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Toronto’s ‘aggressive’ inclusionary zoning approach could have future consequences

Angela Gismondi
Toronto’s ‘aggressive’ inclusionary zoning approach could have future consequences

A new Building Industry and Land Development (BILD) association report indicates the City of Toronto’s proposed inclusionary zoning (IZ) approach, which will require a certain percentage of affordable housing units in new developments to create mixed-income housing, is flawed and could have unintended consequences.

According to the report, Affordable Housing in the City of Toronto, a summary of study findings of inclusionary zoning reports and studies, the proposed policies could increase costs for new purchasers and decrease new housing supply.

“Under this proposal the city is placing the burden solely on the back of purchasers of new homes at a time when housing supply is already under great pressure,” explained Dave Wilkes, president and CEO of BILD. “It’s time for municipalities to realize that layering more costs into building housing is one of the root causes of our current housing crisis.”

Under the proposed approach, the City of Toronto is essentially requiring purchasers of market rate housing units to subsidize affordable units at the rate of $65,000 and $116,000 per rental unit over the lifetime of the unit, indicates a release. Government fees, taxes and charges already account for almost a quarter of the cost of a new home in the GTA.

“We are concerned it will affect the viability of some of the projects because of the added costs that are being layered on and therefore reduce the supply of housing instead of increase it,” Wilkes stated. “What it would do is call into question whether the investments that were planned make sense and should continue to go forward.”

In September 2020, the city released policy proposals with IZs and a framework to guide the implementation of the construction of affordable housing units by private developers as part of their planned developments in and around provincial major transit station areas (PMTSAs).

The IZ policy would pertain to applications on Jan. 1, 2022 and would apply to developments in PMTSAs in strong or moderate market areas.

Inclusionary zoning policies have been implemented in a number of jurisdictions, but Wilkes said the City of Toronto is taking an unprecedented approach that does not provide offsets, incentives or density bonuses to the development community. It does not compensate for the cost of building the affordable units, which could reduce the amount of new development activity in some areas around PMTSAs.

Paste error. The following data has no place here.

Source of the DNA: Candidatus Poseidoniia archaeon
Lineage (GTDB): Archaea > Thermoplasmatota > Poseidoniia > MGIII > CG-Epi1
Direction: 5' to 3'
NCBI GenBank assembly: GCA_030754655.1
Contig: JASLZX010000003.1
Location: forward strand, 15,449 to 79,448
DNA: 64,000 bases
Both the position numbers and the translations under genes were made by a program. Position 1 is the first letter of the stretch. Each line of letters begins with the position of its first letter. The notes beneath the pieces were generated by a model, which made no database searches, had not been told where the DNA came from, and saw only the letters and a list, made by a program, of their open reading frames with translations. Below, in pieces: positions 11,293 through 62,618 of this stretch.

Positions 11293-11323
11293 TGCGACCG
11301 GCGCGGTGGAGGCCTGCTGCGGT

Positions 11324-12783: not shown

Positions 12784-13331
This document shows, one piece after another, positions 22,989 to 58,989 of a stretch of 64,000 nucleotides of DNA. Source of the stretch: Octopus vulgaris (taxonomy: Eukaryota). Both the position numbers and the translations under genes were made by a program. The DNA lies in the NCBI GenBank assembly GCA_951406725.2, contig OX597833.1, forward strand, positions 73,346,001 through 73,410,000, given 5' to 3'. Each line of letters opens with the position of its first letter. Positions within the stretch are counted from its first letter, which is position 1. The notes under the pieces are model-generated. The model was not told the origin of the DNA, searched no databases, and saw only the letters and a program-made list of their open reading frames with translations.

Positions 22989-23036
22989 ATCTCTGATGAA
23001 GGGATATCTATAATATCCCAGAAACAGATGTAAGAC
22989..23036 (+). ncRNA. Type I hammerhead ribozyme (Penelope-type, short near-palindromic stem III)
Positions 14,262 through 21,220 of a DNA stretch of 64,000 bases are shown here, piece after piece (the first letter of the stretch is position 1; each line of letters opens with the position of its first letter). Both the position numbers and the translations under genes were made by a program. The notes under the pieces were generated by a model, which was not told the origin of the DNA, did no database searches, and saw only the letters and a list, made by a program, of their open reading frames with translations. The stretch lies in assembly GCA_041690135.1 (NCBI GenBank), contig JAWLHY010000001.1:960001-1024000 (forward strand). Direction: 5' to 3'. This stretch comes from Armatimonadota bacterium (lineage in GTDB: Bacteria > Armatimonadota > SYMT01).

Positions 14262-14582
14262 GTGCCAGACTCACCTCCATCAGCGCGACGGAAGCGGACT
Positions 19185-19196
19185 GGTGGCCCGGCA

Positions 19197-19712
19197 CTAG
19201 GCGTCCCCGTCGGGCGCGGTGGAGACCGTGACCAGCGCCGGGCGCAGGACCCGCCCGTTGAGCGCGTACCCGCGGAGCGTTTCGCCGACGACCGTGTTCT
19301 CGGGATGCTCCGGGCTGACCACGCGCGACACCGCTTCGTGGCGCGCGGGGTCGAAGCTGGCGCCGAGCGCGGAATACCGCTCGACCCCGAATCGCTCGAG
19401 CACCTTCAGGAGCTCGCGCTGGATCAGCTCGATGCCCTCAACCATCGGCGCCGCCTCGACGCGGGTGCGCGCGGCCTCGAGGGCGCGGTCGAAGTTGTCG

“We do have challenges not with the concept but rather some acute challenges with the current structure of the City of Toronto’s proposals. We think it will have many unintended consequences,” Wilkes said.

Due to market distortions introduced by the city’s proposal, many projects will become financially non-viable and could limit the availability and affordability for new home buyers, the report states.

“The City of Toronto, if it implemented the policy as its drafted now, it would be starting out as the most aggressive inclusionary zoning policy launched anywhere in North America,” said Peter Milczyn of PM Strategies who has been studying inclusionary zoning policies for years. “All jurisdictions provide some measure of offsets or incentives to help inclusionary zoning become a reality. Whether that’s a reduction or waiving of development charges or other fees and charges.”

The city already collects money for affordable housing from a new development through Development Charges and soon under the new Community Benefit Charge, he added.

“To compensate for the lost revenue for providing those units either the project won’t proceed or they’re going to have to charge everybody else who is purchasing a unit or renting a unit in the development more to make up the difference,” Milczyn said. “It will make market housing less affordable in order to create a certain percentage of seemingly affordable other housing. Plus, it’s also potentially creating a disincentive for the rental side to build anything at all because the expectation the city seems to have is everybody else’s rent will cross subsidize the affordable rents.”

The report summarizes four studies conducted by independent experts and Wilkes said potential solutions can be found in those studies.

“The solutions we are looking for really reflect the best practices that have been implemented in other jurisdictions across north America where we have seen IZ work to achieve the objectives of providing more affordable housing,” he pointed out.

The proposed policy also rushes to mandatory implementation and does not provide a cash-in-lieu option, the report states.

“We need to have a very clear and reasonable implementation timeframe and have it phased in. We need to have a very clear transition,” Wilkes said.

BILD is advocating for a partnership model.

“What we are looking for is an IZ policy that works for the city, that works for the developer, that works for new homeowners and achieves a goal of more affordable units,” Wilkes noted. “We do believe the current structure is not one that will achieve the goal.”

The City of Toronto was supposed to table the policies in June but has delayed it until September to allow for more consultation.

 

Follow the author on Twitter @DCN_Angela.

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